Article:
– The reach question is definitely legitimate. But instead of asking for the number of clicks I would ask for the number of unique visitors. Of course the target audience is important. For example, my reach on Instagram is minor compared to the top lifestyle bloggers – but my niche is targeted. As a company I would like to know from a blogger like me if the blogger and the audience are a match to my product, based on the previously published content. Here it’s up to the blogger herself to act in an authentic way and, if need be, to cancel a collaboration. Generally companies should be allowed to ask any questions – most of all if they are working with a blog for the first time. I like to offer a phone call instead of sending emails back and forth. This way all questions and options are discussed within thirty minutes.

– Finally, what are some signs of an unprofessional blog?
– No “imprint” is a no go [ed. note: German blogs are required to have an “Impressum” (imprint), a page similar to the masthead of a print medium bearing the address, the name of the person responsible, and other legal information]. Personally, I would advise against collaborating with “test bloggers” who have no clear focus. If a dog food test is followed by a fabric softener test and a bread spread review, it certainly isn’t profitable for the advertiser.

– Julia, so here we are talking blogging and business and whether it’s an utopian dream or not…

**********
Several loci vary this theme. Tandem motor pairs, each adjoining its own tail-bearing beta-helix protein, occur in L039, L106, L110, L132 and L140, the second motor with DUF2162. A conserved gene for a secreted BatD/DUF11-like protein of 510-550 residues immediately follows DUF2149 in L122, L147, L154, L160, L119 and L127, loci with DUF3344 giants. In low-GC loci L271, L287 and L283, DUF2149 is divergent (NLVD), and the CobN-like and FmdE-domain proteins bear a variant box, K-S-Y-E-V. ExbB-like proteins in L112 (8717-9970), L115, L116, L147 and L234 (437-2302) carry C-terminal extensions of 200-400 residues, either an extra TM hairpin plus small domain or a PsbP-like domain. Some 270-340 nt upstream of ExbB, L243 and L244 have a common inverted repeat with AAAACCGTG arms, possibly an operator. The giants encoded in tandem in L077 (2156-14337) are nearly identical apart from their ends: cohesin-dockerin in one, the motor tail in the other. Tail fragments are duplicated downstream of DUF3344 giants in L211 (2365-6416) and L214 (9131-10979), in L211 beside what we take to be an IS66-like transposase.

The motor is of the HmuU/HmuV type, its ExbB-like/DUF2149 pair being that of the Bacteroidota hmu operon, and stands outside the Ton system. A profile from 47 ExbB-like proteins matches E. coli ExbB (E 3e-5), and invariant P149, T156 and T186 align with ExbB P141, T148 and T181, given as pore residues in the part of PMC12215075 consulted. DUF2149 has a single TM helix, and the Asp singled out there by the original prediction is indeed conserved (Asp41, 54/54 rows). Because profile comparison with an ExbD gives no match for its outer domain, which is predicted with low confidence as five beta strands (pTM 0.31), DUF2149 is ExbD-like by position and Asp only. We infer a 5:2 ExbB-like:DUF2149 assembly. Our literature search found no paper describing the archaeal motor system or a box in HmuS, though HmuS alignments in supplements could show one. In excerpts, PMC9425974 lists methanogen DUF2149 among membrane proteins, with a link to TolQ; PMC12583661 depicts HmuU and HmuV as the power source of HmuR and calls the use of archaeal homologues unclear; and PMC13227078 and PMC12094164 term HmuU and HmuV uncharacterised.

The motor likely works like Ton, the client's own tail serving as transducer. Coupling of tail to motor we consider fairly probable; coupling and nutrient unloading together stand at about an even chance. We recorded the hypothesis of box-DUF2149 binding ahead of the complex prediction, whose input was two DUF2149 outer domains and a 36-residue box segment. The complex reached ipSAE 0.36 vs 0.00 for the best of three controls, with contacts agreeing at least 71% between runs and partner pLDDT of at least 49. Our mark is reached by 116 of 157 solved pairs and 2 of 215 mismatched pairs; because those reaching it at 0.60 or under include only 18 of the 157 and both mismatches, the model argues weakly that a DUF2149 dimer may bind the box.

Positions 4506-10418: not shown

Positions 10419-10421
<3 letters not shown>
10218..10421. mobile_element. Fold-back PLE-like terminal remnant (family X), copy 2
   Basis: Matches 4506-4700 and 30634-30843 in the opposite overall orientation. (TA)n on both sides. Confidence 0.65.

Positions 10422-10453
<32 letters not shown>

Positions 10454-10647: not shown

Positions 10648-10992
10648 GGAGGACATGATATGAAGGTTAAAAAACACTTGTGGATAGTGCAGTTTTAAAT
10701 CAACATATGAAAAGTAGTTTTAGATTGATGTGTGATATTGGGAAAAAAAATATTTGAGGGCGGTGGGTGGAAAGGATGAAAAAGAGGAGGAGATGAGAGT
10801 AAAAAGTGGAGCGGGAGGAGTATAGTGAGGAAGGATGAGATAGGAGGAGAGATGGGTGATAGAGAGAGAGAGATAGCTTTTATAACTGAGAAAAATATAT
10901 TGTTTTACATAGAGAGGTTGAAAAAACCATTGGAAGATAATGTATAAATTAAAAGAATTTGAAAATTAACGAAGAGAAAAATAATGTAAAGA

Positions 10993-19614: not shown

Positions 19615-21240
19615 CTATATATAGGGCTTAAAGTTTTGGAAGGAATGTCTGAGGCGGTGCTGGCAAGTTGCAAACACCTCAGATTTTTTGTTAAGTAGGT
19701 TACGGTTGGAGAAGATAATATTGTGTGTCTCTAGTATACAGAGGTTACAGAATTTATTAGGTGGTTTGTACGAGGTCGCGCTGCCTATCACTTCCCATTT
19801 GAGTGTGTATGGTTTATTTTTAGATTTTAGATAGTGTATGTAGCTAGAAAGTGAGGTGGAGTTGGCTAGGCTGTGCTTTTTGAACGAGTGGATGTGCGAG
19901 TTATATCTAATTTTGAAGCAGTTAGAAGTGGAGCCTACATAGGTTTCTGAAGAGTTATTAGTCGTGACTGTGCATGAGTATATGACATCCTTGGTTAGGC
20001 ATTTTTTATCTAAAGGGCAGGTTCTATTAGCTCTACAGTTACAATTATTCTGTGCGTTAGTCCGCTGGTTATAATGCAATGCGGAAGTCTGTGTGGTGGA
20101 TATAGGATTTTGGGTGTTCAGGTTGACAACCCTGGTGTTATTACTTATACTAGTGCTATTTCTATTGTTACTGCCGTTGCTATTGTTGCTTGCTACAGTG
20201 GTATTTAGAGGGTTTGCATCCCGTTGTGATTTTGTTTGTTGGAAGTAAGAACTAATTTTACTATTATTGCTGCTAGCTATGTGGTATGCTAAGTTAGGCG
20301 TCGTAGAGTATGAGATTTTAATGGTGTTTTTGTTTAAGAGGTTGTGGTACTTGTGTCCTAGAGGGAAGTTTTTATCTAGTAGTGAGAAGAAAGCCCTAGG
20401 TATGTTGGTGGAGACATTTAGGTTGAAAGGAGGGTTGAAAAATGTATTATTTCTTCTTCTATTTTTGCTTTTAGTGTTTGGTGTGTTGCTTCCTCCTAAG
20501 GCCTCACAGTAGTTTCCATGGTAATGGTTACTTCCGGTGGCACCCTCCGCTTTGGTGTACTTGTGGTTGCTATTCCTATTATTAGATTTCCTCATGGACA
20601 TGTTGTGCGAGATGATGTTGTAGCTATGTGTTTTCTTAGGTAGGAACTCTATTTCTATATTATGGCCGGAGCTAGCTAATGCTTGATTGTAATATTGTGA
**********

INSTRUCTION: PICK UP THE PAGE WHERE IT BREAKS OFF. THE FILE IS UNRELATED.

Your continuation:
– That’s a great topic – could keep me talking for hours, as you can imagine. Fortunately, blogging as a business hasn’t remained an utopian dream for me. But it took a lot of commitment on my part to finally get there. It still does.

– Your blog beautyjagd.de is one of the most established natural cosmetics blogs in Germany. What is the worst myth about blogging you’d like to dispel right now?
– The one that being a blogger sounds as though you’re not doing much more apart from hanging out at events, a champagne flute in your hand. The opposite is true: 90% of your time is spent at your desk working because having written a text is not the end. No sales means no income, no organising means no travels and trade shows, no accounting means no tax returns and so on. Working weekends or nights are part of it for me, as for many self-employed people. As a blogger, holiday is complicated, too (to put it mildly).

– So how would you handle the negative bias towards bloggers from potential advertisers?
– Here we are on the subject of prejudice. Many companies still believe that bloggers are twenty years olds, busy taking selfies. That’s why it’s important to me to meet companies in person. During our first meeting many prejudices are eliminated (I’m neither twenty nor taking selfies, ha-ha). Encounters are very, very important to me. Also to make people aware of how diverse the bloggers are.

– Some companies have suggested bloggers could follow standards to make collaborations easier for advertisers. Thoughts?
– That’s an interesting question, but what do you mean? What kind of standards? Better image quality? I think that you cut your own path anyway – for example look at Caroline Hirons, whose blog didn’t look particularly well-designed for a long time, and it didn’t diminish her huge success.

– I believe they were discussing something like “blog labels”…